Aaaanyhow, these tarts were great, and a nice, relatively easy summery dessert. I'd do them again without bananas and with the whipped cream in a heartbeat. To get the recipe, head on over to Spike's great blog.


Monday, May 17, 2010

Apple-Apple Bread Pudding (MY PICK!)

Today is a banner day, my friends! Today is the day that we baked my chosen recipe for Tuesdays with Dorie, the online baking group I belong to. If you're not a member of this group, please understand that this is a Big Deal. There are approximately five bajillion members (give or take a kablillion) so most weeks, we TWD'ers end up making a recipe someone else has picked out. After a year and a half in the group, it was finally my turn, so you'd think I would be excited, right?

Well, I was excited. But I also felt pressure! And fear! And the ice-cold sweat of the guilty upon my brow! You see, everyone wants to pick a recipe the group will love. No one wants to be the one to inflict the TWD equivalent of the infamous Sandra Lee Kwanzaa cake upon their friends. Adding to this concern is my certainty that I have bad TWD karma because I complain about the recipes all the time. It's nothing against Dorie--I truly love this book--it's more about being an obnoxious nitpicky perfectionist who always wants to tweak things and make them just a bit better.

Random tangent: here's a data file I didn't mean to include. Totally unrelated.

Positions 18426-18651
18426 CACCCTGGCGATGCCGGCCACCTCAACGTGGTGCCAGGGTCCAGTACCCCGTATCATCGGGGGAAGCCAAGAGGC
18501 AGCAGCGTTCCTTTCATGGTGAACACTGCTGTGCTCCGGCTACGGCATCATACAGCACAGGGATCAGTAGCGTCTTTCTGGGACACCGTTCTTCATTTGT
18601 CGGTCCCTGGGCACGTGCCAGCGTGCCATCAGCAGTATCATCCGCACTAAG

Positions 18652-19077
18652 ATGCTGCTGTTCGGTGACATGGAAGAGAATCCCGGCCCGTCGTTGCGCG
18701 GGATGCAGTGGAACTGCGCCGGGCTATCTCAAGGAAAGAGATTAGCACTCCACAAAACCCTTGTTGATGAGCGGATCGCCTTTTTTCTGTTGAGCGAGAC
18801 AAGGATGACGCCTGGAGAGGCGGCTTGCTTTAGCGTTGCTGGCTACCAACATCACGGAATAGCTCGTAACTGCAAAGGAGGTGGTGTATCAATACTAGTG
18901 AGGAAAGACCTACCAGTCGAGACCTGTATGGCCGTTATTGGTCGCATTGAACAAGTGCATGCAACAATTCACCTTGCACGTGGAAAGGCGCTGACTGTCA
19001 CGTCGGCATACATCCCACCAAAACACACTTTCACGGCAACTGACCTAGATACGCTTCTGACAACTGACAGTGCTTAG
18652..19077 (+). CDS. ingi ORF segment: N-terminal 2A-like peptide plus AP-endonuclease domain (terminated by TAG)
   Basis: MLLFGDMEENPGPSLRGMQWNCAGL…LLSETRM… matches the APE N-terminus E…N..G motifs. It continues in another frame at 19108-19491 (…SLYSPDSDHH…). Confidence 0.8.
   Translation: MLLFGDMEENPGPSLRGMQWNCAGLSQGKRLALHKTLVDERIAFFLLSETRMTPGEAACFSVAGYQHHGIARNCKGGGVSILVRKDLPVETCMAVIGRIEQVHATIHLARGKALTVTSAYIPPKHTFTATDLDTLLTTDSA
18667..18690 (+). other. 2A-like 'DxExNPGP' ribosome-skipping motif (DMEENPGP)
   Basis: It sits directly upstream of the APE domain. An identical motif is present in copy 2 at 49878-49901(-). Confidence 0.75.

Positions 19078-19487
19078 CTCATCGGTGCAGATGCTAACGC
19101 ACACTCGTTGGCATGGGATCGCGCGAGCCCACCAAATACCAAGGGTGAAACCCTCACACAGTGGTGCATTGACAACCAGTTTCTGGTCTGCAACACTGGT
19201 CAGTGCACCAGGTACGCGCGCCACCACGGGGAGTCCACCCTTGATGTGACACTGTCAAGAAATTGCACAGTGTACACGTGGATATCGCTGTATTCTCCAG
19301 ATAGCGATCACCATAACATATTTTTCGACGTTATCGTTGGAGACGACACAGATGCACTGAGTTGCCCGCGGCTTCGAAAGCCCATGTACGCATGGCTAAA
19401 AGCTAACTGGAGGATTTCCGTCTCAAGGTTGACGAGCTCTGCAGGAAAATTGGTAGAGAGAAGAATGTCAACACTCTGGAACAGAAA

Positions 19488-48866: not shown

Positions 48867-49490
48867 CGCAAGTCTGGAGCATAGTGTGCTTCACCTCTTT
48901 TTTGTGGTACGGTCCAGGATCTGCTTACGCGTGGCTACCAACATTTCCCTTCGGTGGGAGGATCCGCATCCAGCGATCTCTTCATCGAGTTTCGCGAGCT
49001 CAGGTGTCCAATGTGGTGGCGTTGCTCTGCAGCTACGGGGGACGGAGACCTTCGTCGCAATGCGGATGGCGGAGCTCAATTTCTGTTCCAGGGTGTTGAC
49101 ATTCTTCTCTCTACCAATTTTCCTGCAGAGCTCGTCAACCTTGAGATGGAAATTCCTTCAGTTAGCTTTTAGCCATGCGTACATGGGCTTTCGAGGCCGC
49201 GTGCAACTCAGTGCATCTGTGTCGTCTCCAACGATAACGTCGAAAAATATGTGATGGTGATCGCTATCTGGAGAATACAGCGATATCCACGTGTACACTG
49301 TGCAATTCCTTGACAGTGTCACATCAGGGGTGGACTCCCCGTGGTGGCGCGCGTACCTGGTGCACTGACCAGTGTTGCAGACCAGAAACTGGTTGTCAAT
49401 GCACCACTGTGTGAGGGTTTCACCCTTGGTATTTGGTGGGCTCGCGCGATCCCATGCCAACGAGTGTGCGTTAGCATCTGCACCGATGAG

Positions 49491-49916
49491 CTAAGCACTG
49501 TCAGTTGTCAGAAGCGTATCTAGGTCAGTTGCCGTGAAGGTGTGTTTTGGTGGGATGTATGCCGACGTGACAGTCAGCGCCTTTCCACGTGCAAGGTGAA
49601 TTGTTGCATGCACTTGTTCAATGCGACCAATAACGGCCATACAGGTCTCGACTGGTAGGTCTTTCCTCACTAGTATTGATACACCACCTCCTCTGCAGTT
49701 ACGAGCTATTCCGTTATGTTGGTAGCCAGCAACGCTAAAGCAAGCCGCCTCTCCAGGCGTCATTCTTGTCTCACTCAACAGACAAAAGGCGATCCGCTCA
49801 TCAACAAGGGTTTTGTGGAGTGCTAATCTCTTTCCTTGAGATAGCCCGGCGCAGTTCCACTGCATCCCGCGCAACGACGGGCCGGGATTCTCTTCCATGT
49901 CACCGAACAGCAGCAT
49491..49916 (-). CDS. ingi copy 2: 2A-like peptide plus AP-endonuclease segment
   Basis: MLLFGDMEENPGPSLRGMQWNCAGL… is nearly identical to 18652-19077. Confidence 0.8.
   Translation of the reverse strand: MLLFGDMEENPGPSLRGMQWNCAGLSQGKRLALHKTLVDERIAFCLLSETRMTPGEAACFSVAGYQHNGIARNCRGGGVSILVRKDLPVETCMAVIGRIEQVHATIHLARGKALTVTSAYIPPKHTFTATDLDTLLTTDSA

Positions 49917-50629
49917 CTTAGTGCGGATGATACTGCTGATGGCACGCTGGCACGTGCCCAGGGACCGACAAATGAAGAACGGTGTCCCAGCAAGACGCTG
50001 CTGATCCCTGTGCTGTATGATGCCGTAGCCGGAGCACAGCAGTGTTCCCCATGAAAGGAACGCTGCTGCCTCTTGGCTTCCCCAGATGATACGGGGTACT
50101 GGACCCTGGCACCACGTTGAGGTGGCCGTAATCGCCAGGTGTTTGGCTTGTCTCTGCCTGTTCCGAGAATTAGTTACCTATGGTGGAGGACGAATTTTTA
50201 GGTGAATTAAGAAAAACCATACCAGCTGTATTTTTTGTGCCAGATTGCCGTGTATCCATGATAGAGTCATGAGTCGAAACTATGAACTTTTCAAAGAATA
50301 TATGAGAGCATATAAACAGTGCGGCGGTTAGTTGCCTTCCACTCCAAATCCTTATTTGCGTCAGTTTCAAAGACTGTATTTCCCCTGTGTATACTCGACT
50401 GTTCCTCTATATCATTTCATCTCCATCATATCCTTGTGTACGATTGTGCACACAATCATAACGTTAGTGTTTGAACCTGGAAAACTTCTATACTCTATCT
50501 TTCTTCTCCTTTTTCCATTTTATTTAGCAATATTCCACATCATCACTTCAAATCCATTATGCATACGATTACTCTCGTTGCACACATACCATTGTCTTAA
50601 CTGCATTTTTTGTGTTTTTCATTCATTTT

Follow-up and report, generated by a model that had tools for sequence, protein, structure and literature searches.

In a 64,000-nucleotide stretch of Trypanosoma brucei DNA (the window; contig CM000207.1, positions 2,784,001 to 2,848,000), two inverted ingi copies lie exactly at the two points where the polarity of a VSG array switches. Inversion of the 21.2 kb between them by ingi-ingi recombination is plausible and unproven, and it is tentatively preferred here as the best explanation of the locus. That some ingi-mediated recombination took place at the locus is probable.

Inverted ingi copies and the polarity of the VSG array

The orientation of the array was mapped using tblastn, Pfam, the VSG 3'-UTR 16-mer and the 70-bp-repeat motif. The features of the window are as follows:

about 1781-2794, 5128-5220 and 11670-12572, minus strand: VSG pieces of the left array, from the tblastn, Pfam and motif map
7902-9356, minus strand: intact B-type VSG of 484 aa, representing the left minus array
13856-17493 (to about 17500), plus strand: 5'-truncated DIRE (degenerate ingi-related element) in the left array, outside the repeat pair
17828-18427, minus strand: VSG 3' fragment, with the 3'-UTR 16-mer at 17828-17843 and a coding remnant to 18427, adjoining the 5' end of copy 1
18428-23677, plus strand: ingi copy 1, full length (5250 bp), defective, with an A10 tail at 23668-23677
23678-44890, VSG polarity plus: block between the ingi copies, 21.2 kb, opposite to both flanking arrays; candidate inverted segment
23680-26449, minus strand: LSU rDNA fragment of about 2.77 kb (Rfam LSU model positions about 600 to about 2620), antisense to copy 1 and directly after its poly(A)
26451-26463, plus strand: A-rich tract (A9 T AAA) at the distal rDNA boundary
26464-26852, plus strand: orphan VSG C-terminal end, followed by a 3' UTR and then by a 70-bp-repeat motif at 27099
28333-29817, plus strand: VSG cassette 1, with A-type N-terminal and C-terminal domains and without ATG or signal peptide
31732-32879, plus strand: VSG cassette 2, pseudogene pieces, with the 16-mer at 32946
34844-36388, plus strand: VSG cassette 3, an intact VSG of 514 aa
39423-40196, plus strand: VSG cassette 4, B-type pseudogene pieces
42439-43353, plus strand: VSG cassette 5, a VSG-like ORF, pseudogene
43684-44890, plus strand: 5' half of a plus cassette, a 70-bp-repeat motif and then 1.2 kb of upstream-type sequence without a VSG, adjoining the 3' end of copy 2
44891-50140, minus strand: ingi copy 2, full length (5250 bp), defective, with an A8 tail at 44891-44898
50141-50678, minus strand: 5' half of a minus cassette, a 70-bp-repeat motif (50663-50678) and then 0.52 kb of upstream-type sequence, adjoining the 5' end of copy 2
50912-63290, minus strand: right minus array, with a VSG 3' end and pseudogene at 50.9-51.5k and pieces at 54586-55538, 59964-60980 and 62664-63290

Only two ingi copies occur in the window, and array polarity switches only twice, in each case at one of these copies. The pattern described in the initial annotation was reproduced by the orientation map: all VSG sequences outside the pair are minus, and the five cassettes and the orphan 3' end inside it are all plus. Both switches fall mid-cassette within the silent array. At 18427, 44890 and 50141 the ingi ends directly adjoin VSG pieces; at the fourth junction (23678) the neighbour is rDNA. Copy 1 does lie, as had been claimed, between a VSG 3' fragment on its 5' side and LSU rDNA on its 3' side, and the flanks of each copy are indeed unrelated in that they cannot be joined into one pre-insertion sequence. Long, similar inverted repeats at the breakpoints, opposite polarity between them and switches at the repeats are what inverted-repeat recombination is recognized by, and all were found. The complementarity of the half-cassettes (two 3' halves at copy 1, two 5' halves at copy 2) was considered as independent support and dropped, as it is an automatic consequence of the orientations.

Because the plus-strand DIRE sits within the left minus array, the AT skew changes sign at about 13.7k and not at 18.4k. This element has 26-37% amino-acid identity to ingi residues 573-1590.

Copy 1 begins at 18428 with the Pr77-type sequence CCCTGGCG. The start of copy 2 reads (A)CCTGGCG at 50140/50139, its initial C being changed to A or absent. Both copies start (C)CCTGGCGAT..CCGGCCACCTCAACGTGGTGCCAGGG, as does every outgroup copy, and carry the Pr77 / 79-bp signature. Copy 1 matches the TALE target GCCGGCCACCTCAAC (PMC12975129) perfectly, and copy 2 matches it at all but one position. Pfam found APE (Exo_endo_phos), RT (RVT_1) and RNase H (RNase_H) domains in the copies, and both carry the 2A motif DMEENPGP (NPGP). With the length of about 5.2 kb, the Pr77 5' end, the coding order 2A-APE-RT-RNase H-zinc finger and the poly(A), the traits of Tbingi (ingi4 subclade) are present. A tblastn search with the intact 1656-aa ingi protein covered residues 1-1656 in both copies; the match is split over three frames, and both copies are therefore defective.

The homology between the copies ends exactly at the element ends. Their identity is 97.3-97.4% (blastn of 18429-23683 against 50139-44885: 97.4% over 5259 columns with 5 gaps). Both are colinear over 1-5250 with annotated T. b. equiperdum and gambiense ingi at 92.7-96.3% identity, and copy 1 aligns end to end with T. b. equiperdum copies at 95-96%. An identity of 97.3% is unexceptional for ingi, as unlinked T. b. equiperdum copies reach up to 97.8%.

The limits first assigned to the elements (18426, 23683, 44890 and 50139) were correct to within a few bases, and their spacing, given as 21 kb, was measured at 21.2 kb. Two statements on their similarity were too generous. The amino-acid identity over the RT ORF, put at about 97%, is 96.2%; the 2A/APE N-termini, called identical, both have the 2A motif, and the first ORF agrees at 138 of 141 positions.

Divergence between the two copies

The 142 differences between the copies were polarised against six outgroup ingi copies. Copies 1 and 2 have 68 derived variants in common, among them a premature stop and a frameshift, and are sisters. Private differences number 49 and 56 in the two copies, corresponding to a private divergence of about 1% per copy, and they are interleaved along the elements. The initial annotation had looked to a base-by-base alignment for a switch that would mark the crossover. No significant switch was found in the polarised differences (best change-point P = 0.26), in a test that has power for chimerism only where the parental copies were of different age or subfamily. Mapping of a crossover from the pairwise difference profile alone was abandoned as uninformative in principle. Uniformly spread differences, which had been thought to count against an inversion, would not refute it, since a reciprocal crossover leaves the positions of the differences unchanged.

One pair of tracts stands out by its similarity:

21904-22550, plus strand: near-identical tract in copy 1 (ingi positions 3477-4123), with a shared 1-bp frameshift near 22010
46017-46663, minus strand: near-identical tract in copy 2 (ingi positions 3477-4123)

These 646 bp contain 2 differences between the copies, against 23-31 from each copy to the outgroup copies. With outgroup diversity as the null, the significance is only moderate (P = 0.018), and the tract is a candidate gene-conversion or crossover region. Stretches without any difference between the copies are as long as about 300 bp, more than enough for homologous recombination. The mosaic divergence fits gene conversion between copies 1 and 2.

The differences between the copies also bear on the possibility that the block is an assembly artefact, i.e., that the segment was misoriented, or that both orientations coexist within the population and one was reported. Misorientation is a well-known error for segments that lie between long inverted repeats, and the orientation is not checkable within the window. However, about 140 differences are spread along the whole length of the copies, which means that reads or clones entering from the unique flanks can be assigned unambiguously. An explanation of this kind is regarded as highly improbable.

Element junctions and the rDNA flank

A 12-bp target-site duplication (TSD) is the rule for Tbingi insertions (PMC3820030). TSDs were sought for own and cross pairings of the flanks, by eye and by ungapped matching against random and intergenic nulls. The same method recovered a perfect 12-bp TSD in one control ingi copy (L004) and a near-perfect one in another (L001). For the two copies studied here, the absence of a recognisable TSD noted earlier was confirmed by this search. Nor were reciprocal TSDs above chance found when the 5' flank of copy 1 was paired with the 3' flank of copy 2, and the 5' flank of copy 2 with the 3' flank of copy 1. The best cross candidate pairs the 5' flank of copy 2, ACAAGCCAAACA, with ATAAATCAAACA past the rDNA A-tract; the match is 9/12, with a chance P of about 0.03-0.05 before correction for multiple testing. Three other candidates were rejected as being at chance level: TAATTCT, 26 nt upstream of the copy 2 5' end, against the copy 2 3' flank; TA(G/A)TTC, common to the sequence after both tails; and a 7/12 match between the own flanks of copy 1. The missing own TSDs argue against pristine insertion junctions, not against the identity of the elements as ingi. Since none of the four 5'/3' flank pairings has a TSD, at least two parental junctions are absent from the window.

So although I was looking forward to choosing a recipe, I'm also sure that I've cosmically earned whatever apathy or negativity anyone has toward this week's recipe. And what a struggle it was to decide! I've confessed before that I am a bread pudding-holic. It's been a year since my admission, and I still haven't hit rock bottom. So obviously I'd had my eye on her Apple-Apple Bread Pudding since day one. But I had so many doubts: bread pudding isn't a springy dessert! And why use apples when there are so many delicious berries coming into season? And what about all the bread pudding haters? So I struggled. But in the end, I had to be true to myself, and my stomach, and say, as did the wise Kenneth from 30 Rock, "This mess is going to get raw like sushi, so haters to the left!"